The Carillon is the official UP alumni newsletter, published since the 1950s. Its publication and distribution are managed by the UP System Office of Alumni Relations with the Director as official editor. With the objective of giving UP alumni a continuing communication link with and a sense of connection to the University and fellow alumni, The Carillon contains original feature articles from the different UP units, UP alumni chapters, and from fellow individual alumni.
The new issue has UP Manila the Celebration of Life statue in its front cover which may be
viewed in Augmented Reality using iPhone (running at least iOS 13) or iPad (running at
least iPadOS 13). The Android version will be rolled out soon.
Feature stories include the National Institutes of Health as Cover Story, and a Spotlight on the Philippine General Hospital. Additionally, the issue also includes stories of our alumni in the Philippines and abroad. Regular sections like In Memoriam, Accolades, and Topnotchers List are still part of the issue to recognize our supportive and outstanding alumni.
Kadangyan – The Ifugao Upper Class
What the hermano and hermana mayor are to fiestas in lowland towns, the kadangyan are to large-scale Ifugao feasts in the Cordilleras. The kadangyans are easy to recognize – they have the most rice land and the biggest headcount of water buffalo and other livestock. Their clothes and accessories also distinguish them from the middle and lower classes.
Binuhian (headcloth & loincloth)Predominantly black with a wide stripe of red in the middle, binuhian is worn by the male kadangyan, the elite of Ifugao culture. Embroidery or shells are the usual embellishments added into the handwoven cloth (Lambrecht 1958,21).
Duco (pouch bag)With its fringes and embellishments, the duco is similar to the bultong bag worn by Ifugao men, although it has no brass handle. During an uya-uy, an Ifugao wedding feast, female kadangyan use the duco to hold a sacrificial chicken while dancing.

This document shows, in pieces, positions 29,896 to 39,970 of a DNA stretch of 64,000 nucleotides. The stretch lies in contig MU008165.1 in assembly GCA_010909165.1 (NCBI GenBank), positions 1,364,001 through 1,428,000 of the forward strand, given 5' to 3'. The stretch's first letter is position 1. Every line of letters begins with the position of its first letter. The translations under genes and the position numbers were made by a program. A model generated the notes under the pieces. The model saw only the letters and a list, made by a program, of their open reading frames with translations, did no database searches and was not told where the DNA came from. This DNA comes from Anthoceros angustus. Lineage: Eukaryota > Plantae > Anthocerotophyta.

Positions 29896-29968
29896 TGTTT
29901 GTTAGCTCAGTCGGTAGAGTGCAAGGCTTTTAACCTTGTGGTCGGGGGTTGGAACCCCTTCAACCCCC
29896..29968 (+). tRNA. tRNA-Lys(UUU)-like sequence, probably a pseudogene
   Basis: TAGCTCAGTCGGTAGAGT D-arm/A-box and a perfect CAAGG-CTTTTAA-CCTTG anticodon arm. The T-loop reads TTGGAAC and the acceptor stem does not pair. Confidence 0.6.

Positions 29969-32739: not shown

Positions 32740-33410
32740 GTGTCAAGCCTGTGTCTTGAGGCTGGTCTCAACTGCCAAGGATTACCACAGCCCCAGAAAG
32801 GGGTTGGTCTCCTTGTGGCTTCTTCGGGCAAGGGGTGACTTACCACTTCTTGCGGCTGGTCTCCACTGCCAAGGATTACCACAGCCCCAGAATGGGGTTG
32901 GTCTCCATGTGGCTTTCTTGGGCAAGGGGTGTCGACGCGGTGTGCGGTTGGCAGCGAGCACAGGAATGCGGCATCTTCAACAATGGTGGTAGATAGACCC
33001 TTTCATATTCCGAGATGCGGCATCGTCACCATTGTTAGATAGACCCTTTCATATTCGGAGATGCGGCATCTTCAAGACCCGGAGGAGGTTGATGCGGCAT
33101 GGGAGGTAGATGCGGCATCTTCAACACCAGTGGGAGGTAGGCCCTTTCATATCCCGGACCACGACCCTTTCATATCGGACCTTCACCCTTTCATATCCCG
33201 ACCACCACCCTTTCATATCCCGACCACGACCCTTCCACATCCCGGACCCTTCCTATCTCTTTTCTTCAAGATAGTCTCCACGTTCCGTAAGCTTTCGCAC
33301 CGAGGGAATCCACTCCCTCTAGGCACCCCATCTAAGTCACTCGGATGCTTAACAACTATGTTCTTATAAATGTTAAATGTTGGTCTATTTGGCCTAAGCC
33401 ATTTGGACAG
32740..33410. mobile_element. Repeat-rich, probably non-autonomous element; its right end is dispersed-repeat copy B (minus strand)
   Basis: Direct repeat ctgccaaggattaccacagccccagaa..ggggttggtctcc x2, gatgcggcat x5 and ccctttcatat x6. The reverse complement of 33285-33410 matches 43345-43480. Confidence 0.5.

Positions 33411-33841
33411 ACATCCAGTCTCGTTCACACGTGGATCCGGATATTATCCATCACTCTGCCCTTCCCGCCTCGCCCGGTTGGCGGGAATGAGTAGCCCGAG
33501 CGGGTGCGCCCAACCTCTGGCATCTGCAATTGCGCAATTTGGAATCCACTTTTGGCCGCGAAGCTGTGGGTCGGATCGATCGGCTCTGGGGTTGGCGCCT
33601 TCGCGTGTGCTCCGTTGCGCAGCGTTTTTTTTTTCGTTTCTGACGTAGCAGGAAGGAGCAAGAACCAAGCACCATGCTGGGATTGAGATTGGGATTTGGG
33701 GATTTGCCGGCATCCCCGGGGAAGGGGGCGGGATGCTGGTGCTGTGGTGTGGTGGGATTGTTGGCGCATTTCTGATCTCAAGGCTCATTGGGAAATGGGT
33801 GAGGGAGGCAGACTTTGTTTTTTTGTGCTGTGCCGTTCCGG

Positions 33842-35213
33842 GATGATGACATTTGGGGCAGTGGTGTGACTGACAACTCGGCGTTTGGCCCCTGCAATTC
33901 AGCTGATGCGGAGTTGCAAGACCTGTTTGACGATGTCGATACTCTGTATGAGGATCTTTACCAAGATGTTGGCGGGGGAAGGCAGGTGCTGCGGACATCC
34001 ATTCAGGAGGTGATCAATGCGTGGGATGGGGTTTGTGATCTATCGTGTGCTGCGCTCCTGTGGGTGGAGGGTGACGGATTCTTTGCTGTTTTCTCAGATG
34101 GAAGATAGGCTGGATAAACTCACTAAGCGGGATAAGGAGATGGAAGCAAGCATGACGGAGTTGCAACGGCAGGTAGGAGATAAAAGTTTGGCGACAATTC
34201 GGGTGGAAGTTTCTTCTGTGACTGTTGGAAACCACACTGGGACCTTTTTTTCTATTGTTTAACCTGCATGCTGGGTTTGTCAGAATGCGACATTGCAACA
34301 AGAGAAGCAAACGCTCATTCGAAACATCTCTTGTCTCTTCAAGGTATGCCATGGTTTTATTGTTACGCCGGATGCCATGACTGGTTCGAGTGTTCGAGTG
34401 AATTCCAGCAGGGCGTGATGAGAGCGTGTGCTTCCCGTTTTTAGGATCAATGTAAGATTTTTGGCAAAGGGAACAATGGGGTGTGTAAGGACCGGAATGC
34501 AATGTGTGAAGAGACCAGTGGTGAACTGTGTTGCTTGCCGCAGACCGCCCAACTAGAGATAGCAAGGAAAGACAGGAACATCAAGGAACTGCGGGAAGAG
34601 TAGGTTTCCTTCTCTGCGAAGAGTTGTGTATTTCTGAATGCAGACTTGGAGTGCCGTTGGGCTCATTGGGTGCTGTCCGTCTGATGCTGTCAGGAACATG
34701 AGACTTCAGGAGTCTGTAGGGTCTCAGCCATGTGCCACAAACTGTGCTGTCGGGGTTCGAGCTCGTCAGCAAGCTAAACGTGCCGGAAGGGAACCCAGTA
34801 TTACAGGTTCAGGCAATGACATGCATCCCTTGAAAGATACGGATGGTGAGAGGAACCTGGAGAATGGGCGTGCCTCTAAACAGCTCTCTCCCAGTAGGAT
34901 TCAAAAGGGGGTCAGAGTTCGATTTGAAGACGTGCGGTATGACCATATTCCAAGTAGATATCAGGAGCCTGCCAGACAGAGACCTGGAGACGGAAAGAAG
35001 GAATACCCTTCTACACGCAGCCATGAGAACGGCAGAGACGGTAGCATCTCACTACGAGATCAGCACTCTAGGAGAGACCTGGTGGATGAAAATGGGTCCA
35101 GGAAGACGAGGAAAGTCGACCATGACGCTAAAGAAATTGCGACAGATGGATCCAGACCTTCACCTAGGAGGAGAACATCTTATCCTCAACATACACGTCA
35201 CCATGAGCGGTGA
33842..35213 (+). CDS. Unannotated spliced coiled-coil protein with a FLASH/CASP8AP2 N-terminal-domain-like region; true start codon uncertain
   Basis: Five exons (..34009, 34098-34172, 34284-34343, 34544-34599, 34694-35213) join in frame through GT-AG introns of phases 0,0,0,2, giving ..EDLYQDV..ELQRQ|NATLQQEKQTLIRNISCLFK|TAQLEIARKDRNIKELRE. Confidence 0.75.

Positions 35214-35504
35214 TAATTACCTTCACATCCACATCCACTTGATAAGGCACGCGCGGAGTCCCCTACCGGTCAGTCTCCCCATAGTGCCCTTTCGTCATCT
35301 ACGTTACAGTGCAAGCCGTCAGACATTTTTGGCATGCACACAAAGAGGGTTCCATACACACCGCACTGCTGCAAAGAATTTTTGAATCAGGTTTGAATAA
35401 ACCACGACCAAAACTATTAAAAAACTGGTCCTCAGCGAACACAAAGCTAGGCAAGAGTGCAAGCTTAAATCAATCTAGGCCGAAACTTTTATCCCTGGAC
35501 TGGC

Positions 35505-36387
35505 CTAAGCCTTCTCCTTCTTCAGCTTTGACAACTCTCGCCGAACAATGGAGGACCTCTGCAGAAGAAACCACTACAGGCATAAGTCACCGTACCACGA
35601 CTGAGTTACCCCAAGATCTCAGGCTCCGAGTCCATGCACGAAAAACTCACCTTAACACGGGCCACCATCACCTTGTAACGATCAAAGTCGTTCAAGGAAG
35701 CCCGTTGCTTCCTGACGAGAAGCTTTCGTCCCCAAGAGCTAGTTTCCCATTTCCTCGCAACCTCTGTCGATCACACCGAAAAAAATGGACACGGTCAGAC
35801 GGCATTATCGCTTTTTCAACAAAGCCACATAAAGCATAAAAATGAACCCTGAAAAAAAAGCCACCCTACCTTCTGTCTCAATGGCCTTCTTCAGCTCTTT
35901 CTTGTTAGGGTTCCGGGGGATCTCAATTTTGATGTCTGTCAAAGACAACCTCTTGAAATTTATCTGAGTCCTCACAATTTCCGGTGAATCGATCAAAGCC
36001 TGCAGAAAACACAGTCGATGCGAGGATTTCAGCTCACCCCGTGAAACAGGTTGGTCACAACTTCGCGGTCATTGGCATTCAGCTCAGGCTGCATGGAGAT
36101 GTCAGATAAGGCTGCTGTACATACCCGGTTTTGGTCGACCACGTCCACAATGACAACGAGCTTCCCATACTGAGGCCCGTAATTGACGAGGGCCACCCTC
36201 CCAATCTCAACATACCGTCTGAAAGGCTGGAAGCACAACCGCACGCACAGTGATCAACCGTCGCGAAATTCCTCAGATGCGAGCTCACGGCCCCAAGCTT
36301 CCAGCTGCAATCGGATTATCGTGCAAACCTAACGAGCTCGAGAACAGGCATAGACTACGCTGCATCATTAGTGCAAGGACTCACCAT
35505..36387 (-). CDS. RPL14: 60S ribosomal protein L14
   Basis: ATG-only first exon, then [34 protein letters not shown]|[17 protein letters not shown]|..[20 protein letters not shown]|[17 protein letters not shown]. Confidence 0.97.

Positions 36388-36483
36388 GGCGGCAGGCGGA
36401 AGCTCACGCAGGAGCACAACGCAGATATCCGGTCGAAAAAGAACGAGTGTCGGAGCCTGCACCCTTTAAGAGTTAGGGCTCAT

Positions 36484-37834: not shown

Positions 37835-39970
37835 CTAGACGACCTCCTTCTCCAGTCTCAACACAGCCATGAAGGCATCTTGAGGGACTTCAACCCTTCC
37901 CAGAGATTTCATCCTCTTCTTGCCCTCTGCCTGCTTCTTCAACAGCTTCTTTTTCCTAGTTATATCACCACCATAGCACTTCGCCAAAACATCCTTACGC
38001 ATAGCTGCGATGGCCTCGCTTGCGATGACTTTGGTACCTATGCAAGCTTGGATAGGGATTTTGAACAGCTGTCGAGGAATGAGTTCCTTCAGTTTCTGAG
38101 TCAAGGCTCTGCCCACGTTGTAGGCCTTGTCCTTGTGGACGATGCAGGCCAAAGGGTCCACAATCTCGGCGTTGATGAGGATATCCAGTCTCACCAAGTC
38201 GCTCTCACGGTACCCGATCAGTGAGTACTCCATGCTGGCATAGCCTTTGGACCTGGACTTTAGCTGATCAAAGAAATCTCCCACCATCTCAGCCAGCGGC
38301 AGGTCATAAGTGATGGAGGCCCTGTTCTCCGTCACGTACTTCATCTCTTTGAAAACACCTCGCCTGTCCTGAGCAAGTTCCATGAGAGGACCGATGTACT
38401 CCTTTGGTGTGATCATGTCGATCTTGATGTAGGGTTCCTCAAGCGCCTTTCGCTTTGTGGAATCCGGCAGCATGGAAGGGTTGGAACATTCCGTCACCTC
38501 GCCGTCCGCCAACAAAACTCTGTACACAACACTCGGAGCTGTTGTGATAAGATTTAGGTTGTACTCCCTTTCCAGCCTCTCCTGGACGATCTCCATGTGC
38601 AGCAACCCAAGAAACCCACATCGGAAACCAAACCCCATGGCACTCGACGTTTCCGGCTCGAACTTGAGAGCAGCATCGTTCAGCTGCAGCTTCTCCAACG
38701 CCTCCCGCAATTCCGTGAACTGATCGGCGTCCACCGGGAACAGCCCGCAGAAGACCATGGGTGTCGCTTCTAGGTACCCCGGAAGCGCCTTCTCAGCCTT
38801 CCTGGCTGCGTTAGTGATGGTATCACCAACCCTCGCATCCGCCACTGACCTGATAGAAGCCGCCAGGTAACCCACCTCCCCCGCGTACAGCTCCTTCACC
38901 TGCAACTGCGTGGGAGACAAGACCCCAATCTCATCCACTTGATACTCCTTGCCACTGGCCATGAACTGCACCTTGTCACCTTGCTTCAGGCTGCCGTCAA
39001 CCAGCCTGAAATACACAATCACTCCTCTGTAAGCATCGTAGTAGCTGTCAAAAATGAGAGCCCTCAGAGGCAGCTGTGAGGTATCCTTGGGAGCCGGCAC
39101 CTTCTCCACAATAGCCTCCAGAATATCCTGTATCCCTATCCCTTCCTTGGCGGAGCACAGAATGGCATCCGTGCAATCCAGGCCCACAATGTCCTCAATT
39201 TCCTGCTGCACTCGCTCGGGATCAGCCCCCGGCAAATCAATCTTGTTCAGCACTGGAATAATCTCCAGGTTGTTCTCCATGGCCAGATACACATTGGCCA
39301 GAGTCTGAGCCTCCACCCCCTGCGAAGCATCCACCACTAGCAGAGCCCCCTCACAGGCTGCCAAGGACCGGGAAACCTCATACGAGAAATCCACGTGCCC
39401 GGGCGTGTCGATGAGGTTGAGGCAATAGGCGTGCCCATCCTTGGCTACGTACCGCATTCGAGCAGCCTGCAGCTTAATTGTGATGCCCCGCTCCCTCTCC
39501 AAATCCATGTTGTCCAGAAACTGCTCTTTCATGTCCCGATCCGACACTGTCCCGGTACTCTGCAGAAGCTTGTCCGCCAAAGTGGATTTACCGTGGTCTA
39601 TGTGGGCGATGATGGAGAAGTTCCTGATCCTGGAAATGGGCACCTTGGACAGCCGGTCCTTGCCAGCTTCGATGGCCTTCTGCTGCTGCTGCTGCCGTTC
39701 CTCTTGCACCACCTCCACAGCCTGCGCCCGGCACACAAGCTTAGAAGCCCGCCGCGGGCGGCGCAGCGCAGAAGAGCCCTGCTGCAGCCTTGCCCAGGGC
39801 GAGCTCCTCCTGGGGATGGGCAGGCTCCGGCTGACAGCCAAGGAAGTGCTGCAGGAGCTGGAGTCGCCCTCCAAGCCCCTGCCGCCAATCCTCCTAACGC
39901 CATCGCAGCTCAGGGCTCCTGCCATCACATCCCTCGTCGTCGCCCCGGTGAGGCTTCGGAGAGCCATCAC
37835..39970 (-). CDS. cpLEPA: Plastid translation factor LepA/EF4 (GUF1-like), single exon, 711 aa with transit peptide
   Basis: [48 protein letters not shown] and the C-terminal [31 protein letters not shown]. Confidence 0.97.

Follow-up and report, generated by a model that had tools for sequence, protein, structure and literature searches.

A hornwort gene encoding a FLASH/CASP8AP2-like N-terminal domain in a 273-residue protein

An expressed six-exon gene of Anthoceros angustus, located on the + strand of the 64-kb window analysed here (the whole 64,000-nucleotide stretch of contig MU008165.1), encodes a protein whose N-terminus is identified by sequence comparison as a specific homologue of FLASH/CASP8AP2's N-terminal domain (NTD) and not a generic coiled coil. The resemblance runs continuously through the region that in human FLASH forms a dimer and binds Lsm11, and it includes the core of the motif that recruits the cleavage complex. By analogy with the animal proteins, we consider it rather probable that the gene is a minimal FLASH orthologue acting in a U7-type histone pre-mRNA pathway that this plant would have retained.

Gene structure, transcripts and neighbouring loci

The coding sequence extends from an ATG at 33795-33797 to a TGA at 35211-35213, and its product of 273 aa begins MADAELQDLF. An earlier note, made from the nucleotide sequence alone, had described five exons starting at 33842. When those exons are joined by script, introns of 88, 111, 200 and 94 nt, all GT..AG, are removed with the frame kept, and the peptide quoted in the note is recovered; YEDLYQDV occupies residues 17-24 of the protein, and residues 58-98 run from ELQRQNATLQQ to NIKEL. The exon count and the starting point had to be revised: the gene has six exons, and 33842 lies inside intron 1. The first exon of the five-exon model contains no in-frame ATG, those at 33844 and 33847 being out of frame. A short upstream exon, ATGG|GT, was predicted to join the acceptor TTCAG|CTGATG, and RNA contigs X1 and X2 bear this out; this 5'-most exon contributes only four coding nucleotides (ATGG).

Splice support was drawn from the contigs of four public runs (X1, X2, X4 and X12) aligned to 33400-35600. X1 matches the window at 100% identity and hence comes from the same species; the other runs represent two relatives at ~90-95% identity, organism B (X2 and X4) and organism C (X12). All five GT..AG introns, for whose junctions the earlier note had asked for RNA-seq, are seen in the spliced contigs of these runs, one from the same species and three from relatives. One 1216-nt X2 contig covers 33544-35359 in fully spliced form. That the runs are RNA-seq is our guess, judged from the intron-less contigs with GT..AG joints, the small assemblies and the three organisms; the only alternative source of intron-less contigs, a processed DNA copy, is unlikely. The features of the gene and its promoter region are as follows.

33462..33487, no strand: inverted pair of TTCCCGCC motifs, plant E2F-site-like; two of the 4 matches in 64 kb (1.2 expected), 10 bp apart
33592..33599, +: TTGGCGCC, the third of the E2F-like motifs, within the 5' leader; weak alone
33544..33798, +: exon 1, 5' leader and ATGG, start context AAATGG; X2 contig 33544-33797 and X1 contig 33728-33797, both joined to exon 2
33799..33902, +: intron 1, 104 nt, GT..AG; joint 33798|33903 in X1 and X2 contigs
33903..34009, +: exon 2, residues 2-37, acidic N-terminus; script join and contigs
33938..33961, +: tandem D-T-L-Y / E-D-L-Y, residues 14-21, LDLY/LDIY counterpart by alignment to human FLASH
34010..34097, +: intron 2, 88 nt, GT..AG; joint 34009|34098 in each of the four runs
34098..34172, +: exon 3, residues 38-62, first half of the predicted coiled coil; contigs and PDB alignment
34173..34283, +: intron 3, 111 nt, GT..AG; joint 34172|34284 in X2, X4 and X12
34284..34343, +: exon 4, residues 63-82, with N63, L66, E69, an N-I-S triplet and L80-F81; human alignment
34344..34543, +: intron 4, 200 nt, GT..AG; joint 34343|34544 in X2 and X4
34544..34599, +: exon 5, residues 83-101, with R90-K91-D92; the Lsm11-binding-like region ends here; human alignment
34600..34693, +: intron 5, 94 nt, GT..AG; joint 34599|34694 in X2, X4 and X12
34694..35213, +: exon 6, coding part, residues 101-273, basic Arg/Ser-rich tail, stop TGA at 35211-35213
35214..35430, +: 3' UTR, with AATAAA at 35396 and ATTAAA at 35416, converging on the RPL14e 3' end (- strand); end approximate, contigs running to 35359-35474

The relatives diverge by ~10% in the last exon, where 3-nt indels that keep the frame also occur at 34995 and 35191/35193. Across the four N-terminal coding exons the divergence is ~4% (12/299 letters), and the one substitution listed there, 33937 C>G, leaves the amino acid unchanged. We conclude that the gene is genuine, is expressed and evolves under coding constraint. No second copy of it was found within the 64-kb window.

Pango / Pangaw (necklace)The pango, also called a pangaw, are glass beads encased in gold. Numerous beads are strung together and worn by Ifugao men and women as a status symbol of the kadangyan class.
Dinumog (necklace)Made of gold-plated brass, the pendants of the Dinumog represents the horns of the carabao. Wearing a Dinumog signifies one has sacrificed numerous carabaos to the gods.
Ginuttu (shell belt)Gradually decreasing in size, the buttons that form the belt are carved from giant clams (tridacna gigas). The Ginuttu serves as a sword belt and is worn over the loincloth, with the end hanging loose on the left side. On one end of the belt hangs the portaika (wooden sheath) which holds a bolo (machete). A centerpiece of the belt is a buckle called upod, also made from shell. Its use is limited to certain occasions such as weddings and funerals (Maramba 1998, 126).
Interview with former UPB Chancellor Raymond Rovillos (Video)
Interview with Dr. Analyn Salvador Amores (Video)
CARILLON ONLINE VIEWER
RECONNECTING WITH UP THROUGH THE OAR
Recognizing the important role of the alumni in the life of the university, the University of the Philippines (UP) established the Office of Alumni Relations (OAR) in 1961 under the Office of the President. The OAR servers as the key UP Institution connecting the alumni with the rest of the academic community.
Since its inception, the OAR has sought to encourage the maximum participation, involvement, support, and commitment of the alumni to the University of the Philippines’ various social missions. It remains the primary link between the University and its Alumni Association (UPAA) in identifying, cultivating, and involving the alumni in institutional and alumni programs, events, and activities. It also represents the UP and the UPAA at institutional and alumni programs, events, and activities both locally, on and off-campus, and foreign venues whenever possible.